The transgender flag and a gender-neutral Santa: The inclusive emojis launching in 2020

Caroline Allen
A new batch of emojis have been released. [Photo: Unicode Consortium]

A new batch of emojis has been released for 2020.

*Celebration emoji*

The list includes men in wedding dresses, the transgender flag and a gender-neutral Santa - that’s 117 ways for you to express yourself without having to type any actual words.

It received criticism last year for not releasing the transgender flag, which is a welcome addition to this year’s update.

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The news quickly filtered to social media, where the new updates have been met with a largely positive response.

“Incredible power in the new 2020 emojis.” One happy user wrote.

“Getting to see yourself and your pride in technology you use is validation that you are being heard and that your voice matters.” Another commented.

The reaction to these latest additions shows how much of a difference a company can make by being representative of marginalised groups.

Speaking about the transgender flag, somebody said: “Obviously that flag is looooooong overdue. But, tbh, I think I'm going to get more use from the happy cry and chef's kiss hands . Oh, and the hug that looks like a hug, instead of whatever [old hug emoji] is.”

Not everybody got the emojis they were hoping for, though.

One person wrote: “New emojis for 2020 and STILL no Northern Irish flag!! Seriously?! We do exist!! There are games that use this flag for our country and even FIFA recognise the Ulster Banner as Northern Ireland's flag; it's used in multiple sporting events across the world! Emoji please!!”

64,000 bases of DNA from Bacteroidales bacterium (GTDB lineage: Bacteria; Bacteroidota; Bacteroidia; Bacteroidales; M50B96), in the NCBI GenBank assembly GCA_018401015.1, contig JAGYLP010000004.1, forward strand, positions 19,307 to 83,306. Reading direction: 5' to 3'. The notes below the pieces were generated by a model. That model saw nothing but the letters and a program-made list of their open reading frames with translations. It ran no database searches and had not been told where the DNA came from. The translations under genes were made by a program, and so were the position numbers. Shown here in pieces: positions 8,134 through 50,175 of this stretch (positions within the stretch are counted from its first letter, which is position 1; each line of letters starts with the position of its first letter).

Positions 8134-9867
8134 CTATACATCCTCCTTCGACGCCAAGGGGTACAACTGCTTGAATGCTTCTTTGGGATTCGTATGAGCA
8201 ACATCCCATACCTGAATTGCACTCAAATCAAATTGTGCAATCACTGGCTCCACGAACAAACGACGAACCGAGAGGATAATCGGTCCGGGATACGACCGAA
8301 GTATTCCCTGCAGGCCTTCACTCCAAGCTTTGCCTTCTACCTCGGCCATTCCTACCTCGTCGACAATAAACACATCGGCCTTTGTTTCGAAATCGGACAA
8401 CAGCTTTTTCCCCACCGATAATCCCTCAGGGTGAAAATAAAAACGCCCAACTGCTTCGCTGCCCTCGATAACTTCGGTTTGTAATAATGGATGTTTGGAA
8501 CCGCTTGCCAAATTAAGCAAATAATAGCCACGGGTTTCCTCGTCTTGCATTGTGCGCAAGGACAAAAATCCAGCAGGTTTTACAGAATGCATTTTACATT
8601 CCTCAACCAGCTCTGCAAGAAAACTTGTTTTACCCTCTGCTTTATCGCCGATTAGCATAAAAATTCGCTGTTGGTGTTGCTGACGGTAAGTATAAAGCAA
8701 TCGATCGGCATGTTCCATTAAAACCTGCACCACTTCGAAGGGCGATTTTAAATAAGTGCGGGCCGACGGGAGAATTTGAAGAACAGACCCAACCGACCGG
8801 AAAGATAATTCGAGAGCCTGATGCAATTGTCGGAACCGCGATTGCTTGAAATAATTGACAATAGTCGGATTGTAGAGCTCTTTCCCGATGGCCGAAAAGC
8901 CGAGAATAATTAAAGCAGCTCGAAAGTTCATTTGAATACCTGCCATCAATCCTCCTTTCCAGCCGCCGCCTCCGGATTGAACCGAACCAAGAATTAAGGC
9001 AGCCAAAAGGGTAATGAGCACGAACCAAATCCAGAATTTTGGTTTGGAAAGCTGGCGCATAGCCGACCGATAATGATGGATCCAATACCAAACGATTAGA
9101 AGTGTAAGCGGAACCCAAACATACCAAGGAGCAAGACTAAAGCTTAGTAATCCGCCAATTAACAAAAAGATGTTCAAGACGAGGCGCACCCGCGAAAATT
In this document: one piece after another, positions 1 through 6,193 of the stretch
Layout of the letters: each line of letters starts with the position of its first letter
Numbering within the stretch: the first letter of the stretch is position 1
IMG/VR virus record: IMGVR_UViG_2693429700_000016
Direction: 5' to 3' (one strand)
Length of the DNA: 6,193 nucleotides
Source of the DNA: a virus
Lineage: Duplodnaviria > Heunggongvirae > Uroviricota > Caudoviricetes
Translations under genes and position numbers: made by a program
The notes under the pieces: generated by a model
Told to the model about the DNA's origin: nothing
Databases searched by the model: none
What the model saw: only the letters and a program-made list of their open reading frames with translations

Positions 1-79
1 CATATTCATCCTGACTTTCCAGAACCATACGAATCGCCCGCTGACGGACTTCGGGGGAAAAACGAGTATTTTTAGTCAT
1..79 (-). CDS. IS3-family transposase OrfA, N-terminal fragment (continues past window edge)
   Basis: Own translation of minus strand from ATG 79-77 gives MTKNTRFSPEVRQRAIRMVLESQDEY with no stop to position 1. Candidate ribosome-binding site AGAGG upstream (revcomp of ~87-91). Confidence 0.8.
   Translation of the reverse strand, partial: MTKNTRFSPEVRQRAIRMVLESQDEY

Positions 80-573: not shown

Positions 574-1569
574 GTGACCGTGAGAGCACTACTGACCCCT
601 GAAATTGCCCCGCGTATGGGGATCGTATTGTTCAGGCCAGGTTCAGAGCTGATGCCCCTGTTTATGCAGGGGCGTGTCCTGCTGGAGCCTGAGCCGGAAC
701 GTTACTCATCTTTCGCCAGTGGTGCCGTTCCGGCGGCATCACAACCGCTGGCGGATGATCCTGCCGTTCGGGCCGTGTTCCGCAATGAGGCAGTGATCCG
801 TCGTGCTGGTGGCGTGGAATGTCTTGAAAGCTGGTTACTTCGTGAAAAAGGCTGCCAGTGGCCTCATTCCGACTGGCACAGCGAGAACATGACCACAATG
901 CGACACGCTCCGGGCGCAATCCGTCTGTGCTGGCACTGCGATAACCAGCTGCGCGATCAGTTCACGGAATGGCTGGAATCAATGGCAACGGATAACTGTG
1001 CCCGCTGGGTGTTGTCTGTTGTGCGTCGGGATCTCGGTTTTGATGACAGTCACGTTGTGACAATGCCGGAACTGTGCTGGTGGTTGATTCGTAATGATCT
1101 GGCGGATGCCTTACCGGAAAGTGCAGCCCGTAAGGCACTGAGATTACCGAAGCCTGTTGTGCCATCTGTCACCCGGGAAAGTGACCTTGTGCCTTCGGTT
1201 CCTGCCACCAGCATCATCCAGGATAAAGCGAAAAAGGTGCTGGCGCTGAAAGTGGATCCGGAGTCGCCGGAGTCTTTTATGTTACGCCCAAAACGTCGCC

Unicode Consortium is the company behind the updates. The not-for-profit is based in California and chooses emojis for Apple and Android users.

It wasn’t just the gender-inclusive emojis that people were excited for, either.

The pinched fingers update has proven popular. It’s a common Italian hand gesture which has since filtered through to other countries around the world.

There’s also a man, woman and mx feeding baby symbols.

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A load of other random additions have been added, too. There’s everything from the polar bear to a pot of tea.

The list - which is described as 13.0 is a great step forward, particularly after 12.0 saw greater representation of people with disabilities and a wider range of gender identification.

There will be a bit of a wait until we get to enjoy the new additions, though.

You should expect to see them widely used by Autumn, which is when the likes of Facebook, Twitter and Apple will release their variations.

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